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Discipline That Works! - All about Parenting Toddlers , Issue #005
February 06, 2003

Shaping the life of your precious ones

All about Parenting Toddlers
Issue #005
6 February 2003

In This Issue:

1. Discipline That Works!
2. 10 Guidelines for Raising a Well-Behaved Child
3. 10 Fun & Fast Activities for Toddlers and Their Parents

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Discipline That Works!

Have you tried all your usual discipline techniques to solve a problem with your child and nothing's worked? Using a chart may be just the fresh approach you need, according to Penny Hutchins Paquette and Cheryl Gerson Tuttle, co-authors of Parenting a Child with a Behavior Problem (Lowell House Books).

When It Works: Keeping a chart, with stickers or stars to mark behavioral improvements, works well with chronic problems, like whining or messy rooms, that drive parents crazy. Among other things, Penny Paquette notes, charting teaches delayed gratification, "that you don't automatically get things because you're cute, but because you earned it and waited for it." In terms of effectiveness, charts and time-outs are polar opposites: Time out doesn't work when you use it all the time, while charts never work unless you do!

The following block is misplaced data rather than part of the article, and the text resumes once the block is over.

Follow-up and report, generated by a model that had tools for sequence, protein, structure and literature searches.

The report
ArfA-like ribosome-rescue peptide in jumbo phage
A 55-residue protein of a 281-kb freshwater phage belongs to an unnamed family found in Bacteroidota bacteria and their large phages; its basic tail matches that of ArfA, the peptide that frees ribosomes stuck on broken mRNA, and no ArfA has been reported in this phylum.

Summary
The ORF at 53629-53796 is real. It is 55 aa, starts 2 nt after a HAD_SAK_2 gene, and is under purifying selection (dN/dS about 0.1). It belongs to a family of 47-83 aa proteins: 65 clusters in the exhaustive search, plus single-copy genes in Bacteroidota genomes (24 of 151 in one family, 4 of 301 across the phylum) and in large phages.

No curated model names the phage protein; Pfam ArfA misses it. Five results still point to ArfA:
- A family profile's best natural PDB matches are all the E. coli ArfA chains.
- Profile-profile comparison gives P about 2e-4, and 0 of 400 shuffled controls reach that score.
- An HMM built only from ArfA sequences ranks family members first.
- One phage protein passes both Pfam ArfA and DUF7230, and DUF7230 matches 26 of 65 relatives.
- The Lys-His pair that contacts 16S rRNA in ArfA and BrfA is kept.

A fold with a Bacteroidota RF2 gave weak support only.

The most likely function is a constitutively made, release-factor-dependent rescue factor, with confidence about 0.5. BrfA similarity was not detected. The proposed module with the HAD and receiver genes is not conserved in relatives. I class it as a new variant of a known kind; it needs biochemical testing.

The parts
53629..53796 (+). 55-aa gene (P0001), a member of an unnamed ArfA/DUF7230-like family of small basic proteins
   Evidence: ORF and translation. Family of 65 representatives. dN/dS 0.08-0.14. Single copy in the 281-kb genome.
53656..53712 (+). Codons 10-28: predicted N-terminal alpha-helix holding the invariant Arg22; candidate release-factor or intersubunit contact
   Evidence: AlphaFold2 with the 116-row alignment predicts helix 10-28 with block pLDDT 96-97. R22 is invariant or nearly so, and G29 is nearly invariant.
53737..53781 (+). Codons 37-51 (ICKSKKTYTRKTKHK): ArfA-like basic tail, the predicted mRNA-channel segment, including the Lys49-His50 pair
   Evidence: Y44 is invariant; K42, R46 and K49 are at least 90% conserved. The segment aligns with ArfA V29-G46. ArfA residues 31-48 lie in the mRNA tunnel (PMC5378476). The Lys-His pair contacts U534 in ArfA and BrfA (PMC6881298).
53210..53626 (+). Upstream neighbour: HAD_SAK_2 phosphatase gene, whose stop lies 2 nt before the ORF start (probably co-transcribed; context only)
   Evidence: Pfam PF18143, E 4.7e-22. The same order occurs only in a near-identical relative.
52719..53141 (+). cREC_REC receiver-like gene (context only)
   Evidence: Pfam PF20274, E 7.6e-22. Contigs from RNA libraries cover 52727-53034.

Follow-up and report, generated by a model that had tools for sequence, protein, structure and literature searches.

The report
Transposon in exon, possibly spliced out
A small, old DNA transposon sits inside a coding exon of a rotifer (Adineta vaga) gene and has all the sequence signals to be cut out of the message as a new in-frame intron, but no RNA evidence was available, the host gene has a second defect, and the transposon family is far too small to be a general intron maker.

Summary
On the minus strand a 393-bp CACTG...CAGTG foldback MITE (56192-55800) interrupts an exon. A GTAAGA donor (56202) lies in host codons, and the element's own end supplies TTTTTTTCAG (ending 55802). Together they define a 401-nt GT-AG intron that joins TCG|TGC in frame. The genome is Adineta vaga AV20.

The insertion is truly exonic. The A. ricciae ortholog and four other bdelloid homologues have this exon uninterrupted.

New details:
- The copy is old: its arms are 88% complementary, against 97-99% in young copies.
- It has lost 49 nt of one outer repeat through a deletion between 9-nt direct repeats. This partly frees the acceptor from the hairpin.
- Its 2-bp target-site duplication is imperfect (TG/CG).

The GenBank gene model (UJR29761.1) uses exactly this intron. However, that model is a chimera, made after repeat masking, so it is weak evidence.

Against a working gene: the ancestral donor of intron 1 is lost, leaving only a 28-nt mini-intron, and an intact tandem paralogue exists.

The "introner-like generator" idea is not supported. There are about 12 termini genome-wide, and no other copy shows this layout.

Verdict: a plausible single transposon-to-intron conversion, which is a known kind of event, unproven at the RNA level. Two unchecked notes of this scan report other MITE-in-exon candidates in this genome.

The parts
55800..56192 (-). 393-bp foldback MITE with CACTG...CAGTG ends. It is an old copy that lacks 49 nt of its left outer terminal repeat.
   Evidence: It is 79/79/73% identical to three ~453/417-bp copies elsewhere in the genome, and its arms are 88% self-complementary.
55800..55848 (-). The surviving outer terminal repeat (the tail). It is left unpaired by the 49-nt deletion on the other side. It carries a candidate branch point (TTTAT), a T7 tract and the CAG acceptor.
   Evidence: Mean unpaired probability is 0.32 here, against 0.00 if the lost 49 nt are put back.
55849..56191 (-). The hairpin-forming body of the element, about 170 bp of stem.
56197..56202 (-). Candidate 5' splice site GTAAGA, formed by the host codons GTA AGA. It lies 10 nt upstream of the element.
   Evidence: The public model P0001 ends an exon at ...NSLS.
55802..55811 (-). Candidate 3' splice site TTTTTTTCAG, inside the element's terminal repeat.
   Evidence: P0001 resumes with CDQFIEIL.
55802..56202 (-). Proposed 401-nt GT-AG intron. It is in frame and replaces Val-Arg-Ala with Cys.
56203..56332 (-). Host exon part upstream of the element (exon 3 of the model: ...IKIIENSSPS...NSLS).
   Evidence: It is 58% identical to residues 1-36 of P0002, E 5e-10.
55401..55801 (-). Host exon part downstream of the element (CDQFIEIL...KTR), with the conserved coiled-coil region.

Why It Works: A chart is a "visual cue" for kids; they don't just hear complaints or praise, they can actually see change. It's a way to get them involved in the discipline strategy; they can help make the chart or perhaps choose a reward.

When It Doesn't Work: Keeping a chart can be a difficult task for kids with attention difficulties; lots of parental involvement is needed. Parents also need to assess their own schedules; if you start a chart and don't have time to keep it up, it undercuts the message that behavioral change is important. Finally, don't start 17 charts. Your child may whine, leave dirty socks lying around, and forget to do his homework, but focus on just one behavior problem at a time.